2024 Retro Edition – March Week 4

What’s your call?

2 2♠ 2NT
3♣ 3 3 3♠ 3NT
4♣ 4 4 4♠ 4NT
5♣ 5 5 5♠ 5NT
6♣ 6 6 6♠ 6NT
7♣ 7 7 7♠ 7NT
Click to reveal awards

August Boehm, Larry Cohen, Mel Colchamiro, Allan Falk, Geoff Hampson, Betty Ann Kennedy, Daniel Korbel, Mike Lawrence, Roger Lee, Jeff Meckstroth, Jill Meyers, Barry Rigal, Steve Robinson, Kerri Sanborn, Don Stack, The Sutherlins, Steve Weinstein
Troublesome double

Rigal says, “This double should be defensive, not a heart fit. Your hand is relatively low on defense, your hearts are nothing to write home about and the defenders’ spades and diamonds are well placed. Maybe partner is 3=4=4=2 with something like:

♠x x x A J x x K 10 x x ♣Q x,

and we have 300 coming our way against nothing. Pass.”

Robinson, too, sees partner’s double as penalty. “He’s sitting behind the diamond bidder.”

Meckstroth agrees: “I assume this is a penalty double. If so, I have no reason to pull it.”

And Sanborn: “Pass. I don’t think I am consulted anymore. Partner’s double behind the bidder is penalty.”

The Sutherlins re-reiterate the positional aspects. “Because we have defined our hand well and his hand is over the diamond overcaller, partner’s double is penalty. He may have as little as 10 points with three defensive diamond tricks. If he has more, we have a chance at plus 800.”

Stack reaches for the green card. “They are going down, so we can sit in our chair and enjoy the defense.”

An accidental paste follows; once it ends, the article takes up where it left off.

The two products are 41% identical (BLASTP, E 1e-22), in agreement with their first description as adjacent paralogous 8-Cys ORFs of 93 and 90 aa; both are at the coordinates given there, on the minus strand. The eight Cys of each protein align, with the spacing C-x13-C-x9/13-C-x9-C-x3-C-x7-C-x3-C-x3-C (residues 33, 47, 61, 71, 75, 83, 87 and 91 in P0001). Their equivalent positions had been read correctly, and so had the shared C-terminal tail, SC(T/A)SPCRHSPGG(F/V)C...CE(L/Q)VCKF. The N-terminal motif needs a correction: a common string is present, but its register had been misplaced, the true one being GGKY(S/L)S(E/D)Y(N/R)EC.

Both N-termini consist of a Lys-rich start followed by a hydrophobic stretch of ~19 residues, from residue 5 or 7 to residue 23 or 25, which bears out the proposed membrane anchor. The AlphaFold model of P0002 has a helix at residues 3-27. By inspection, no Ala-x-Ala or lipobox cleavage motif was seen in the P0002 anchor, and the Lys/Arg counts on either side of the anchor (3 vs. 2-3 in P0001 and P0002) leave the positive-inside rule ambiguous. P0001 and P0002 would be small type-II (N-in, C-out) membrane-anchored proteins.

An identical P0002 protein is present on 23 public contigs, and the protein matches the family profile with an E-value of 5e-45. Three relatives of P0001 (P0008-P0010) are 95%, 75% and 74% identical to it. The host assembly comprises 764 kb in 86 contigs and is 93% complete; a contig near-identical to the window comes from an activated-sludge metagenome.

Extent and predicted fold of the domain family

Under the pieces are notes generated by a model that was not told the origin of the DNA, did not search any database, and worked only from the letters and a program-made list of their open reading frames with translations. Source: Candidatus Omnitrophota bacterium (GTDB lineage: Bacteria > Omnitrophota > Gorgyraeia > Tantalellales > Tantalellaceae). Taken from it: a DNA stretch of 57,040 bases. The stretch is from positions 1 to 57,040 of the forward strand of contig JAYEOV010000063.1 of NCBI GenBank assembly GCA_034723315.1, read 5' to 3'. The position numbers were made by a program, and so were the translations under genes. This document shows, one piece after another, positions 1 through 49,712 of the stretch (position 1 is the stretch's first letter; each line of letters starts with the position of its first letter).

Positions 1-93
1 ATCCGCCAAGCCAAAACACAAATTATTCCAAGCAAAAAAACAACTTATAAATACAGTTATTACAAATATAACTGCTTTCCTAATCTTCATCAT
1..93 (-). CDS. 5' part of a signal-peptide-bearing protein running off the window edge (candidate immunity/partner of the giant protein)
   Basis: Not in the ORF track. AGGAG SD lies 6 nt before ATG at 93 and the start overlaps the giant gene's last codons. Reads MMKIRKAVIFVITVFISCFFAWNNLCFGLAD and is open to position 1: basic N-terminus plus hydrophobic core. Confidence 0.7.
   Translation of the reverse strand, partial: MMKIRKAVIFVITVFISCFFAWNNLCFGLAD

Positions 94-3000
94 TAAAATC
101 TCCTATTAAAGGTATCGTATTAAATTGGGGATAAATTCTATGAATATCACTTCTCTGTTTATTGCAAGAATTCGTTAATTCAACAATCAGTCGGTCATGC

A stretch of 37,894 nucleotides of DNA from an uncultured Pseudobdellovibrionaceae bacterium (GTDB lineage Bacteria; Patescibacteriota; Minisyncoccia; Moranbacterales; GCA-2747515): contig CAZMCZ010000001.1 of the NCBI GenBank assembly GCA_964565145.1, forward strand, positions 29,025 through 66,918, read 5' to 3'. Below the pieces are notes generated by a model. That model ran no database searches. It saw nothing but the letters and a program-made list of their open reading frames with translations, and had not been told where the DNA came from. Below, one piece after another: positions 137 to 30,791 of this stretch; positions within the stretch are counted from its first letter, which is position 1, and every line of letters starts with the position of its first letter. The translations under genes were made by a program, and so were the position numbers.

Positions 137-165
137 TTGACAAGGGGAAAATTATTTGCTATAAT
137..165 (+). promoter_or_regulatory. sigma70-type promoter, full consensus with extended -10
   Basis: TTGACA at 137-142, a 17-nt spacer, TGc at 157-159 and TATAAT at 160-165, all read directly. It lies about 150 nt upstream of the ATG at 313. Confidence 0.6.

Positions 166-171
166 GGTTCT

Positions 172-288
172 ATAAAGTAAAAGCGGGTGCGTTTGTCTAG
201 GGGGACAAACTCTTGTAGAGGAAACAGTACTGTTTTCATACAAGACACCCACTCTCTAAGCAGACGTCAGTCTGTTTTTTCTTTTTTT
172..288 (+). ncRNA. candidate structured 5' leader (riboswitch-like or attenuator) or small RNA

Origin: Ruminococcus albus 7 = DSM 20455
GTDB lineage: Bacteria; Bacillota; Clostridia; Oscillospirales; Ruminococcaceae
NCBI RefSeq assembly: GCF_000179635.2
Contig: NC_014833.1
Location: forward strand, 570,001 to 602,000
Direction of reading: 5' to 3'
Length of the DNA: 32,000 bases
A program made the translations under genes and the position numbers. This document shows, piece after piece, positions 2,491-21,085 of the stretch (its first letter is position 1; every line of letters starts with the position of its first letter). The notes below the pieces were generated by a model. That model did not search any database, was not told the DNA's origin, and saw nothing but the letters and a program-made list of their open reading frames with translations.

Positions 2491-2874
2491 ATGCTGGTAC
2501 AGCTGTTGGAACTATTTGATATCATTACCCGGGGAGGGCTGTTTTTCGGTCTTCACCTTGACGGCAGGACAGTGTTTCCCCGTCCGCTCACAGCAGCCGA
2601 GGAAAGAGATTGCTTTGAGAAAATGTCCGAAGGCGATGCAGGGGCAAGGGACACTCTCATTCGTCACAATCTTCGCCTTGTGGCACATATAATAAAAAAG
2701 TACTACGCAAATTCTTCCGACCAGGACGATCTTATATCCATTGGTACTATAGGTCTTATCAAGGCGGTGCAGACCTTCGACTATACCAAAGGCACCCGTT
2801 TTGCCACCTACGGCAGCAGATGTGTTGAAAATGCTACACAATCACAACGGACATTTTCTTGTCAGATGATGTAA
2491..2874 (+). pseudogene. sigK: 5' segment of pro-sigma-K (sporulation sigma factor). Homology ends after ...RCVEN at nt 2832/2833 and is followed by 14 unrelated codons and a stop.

Colchamiro’s settled in his recliner, expecting the magical plus 200 (or more). “Even if partner’s double is a modern, ‘I have extra tricks’ double and not one based on trump tricks behind the length bidder, my cards are well placed. If partner has a 10-count with:

♠x x x A J x x K x x ♣Q x x,

it could be bloody.”

Lawrence passes. “I have defense and an unexpected doubleton diamond.”

Cohen objects to the problem because he considers it to be more of a methods question than a bidding poll challenge, and he’s probably right. “I do not recommend that a low-level double such as this be played as penalty, but I pass, guessing that my partner intends it as such. My general rule is, ‘No penalty doubles on the two level unless specifically defined as such.’”

Pass by Kennedy. “I’ve nothing else to offer.”

Then there are those who don’t believe partner’s double is penalty. Korbel, Weinstein, Falk, and Lee keep the auction alive with 3♣.

Korbel says, “At first, I thought this is an obvious penalty double. But then I wondered what partner would do with a hand such as:

♠K J x A K x x x x x ♣10 x x.

Because I play double in this type of auction as ‘do something intelligent,’ I will pull to 3♣. If partner has A Q 10 9, I will apologize, but at least we will have ironed it out.”

Weinstein agrees. “To me, this double is, ‘I want to do something, but I’m not sure what to do.’ Partner looks to be 3–4–3–3 (he doesn’t have four spades or he would have made a negative double over 1 ). It is tempting to pass, but I think that, with the fifth club and just average hearts, 3♣ is the right bid in the long run.”

Falk is most emphatic that partner’s double is not for penalty. “These days, it’s an, ‘I have values to compete but no clear action’ double. I have mediocre defense, so even though 2 doubled is not game, I don’t think it is right to defend at this level.”

Hampson doesn’t stray beyond the safety of 2. “I have a minimum hand and no diamond stopper to bid notrump. Hearts pays better than clubs and is a level lower.”

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